Mass spectra were deconvoluted with MaxEnt in DataAnalysis 5.2 (Bruker Daltonik GmbH, Bremen, Germany). The charge states 10+, 11+ and 12+ were used for mass deconvolution. Additionally, spectra were mass deconvoluted with SNAP2 to generate monoisotopic masses of the native protein and protein-ligand complexes. The charge state 10+ was used to calculate the accurate masses and intensities of free protein and protein-ligand complexes. The KD values (dissociation constant) were calculated with the software PRISM (GraphPad Software, San Diego, CA) by non-linear regression using specific binding.
The deconvoluted mass spectra of the native CA II and the CA II-ligand complex at a protein concentration of only 5 nM and ligand concentration of 60 nM is shown in Figure 3. Both mass spectra are fully isotopically resolved. When adding acetazolamide to the solution, the CA II-ligand complex with acetazolamide is formed as well as small amounts of the CA II-ligand acetate complex due to high buffer concentration of 50 mM ammonium acetate.
The binding of carbonic anhydrase II to the studied ligand acetazolamide is very strong in the low nM range. The published dissociations constants for acetazolamide with CA II (human) is 20 ± 3 nM.  Therefore, low protein concentration in the low nM range is needed to ensure correct measurement of the equilibrium dissociation constant KD.
The formation of the protein-ligand complexes was measured at different ligand concentrations ranging from 2 nM to 800 nM using a protein concentration of only 5 and 20 nM. To calculate the equilibrium dissociation constant KD of the protein-ligand complex, the ligand binding [PL]/([PL]+[P]) was plotted versus the ligand concentration for the protein concentration of 5 nM and 20 nM (Figure 4a and 4b). Regression factors of better than 0.99 were calculated for both protein concentrations using the non-linear regression for specific binding. The KD value for binding of acetazolamide to CA II were determined as 43 ± 7 nM and 52 ± 12 nM for a protein concentration of 5 nM and 20 nM, respectively. These results are in good agreement with published KD value of 20 ±3 nM .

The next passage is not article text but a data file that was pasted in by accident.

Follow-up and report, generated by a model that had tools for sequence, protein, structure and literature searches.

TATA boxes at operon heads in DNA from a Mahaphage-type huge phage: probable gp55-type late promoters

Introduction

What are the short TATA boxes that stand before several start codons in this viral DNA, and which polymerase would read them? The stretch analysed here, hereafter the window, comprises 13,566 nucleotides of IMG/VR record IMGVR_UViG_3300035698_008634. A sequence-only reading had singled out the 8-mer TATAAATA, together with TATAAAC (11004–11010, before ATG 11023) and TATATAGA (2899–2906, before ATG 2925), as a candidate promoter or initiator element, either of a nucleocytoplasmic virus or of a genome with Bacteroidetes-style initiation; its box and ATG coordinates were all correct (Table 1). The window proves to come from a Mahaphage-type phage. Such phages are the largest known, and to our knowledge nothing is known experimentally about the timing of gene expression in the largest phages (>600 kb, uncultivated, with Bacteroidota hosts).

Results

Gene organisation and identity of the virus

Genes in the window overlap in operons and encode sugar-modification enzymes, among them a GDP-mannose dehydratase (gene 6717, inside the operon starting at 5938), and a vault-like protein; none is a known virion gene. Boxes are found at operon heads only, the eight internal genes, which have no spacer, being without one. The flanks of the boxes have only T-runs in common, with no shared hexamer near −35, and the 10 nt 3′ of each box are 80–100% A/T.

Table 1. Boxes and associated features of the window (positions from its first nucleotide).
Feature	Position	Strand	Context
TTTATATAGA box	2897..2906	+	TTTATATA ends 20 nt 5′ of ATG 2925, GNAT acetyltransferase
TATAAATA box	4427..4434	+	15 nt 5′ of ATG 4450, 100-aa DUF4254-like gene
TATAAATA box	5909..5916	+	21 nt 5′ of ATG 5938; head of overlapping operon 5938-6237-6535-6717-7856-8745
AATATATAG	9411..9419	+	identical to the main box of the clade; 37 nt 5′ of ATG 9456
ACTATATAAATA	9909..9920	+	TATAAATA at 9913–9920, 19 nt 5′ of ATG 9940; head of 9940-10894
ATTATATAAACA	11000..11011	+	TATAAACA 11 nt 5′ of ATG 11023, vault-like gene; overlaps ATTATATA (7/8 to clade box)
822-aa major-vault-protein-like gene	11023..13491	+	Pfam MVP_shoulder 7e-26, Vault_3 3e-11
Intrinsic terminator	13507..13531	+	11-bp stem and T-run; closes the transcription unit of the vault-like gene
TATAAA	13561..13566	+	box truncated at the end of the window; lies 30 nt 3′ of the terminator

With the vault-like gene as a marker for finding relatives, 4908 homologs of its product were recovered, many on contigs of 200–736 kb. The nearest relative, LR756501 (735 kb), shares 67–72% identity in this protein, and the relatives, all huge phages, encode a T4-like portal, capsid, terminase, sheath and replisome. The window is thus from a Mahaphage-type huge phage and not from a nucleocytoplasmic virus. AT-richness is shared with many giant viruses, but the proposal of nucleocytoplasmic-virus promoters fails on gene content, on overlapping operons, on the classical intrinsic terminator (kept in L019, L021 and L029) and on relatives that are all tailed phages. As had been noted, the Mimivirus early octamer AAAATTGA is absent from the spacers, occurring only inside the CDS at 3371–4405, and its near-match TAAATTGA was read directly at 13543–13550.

The monoisotopic masses of the protein and the protein-ligand complex were calculated with high mass accuracy using SNAP2. This algorithm calculates the monoisotopic mass based on the isotopic distribution using the repetitive building block for the molecular formula calculation of C4.9384N1.3577O1.4773S0.0417H7.7583. The results for CA II at concentrations of 5 and 20 nM are shown in Table 1a and 1b.
The calculated mass of the ligand (acetazolamide) could be determined very accurately by the mass difference of the free protein and the protein-ligand complex. The ligand acetazolamide was measured with an average mass error of only 6.9 and 3.6 mDa for the protein concentration of 5 and 20 nM, respectively. Therefore, the formation of the protein-ligand complexes (CA II + acetazolamide) could be determined very accurately based on exact mass difference of the protein and the protein-complex which were detected with isotopic distribution.
- The isotopic distributions of carbonic anhydrase II and their protein-ligand complexes were measured under native conditions in the low nM range using the scimaX® MRMS.
- The molecular mass (monoisotopic) and intensities of intact protein and protein-ligand complexes were obtained by mass deconvolution using SNAP2. The mass deviations of intact proteins and the protein-ligand complexes were within a few mDa over a wide range of ligand to protein ratios.
- The relative binding strength between protein and ligand could be assessed quickly and quantitatively from the relative peak intensities. KD value for the protein-ligand complex (CA II-acetazolamide) using a protein concentration of 5 nM was determined as 43 ± 7 nM, which is in good agreement with published data.
- scimaX® MRMS is an excellent instrument to perform protein binding analysis at low protein concentrations and high buffer concentrations. As required for lead optimization by medicinal chemists, strong protein-ligand complexes with KD values in the low nM range can be measured. Additionally, ligand specificity for protein isoforms can be directly observed, reducing need for multiple assays. With the scimaX® MRMS Bruker offers high sensitivity and versatility for molecular screening in drug discovery.
Notes and Comments
maXis II for Native MS https://www.bruker.com/en/products-and-solutions/mass-spectrometry/qtof/maxis.html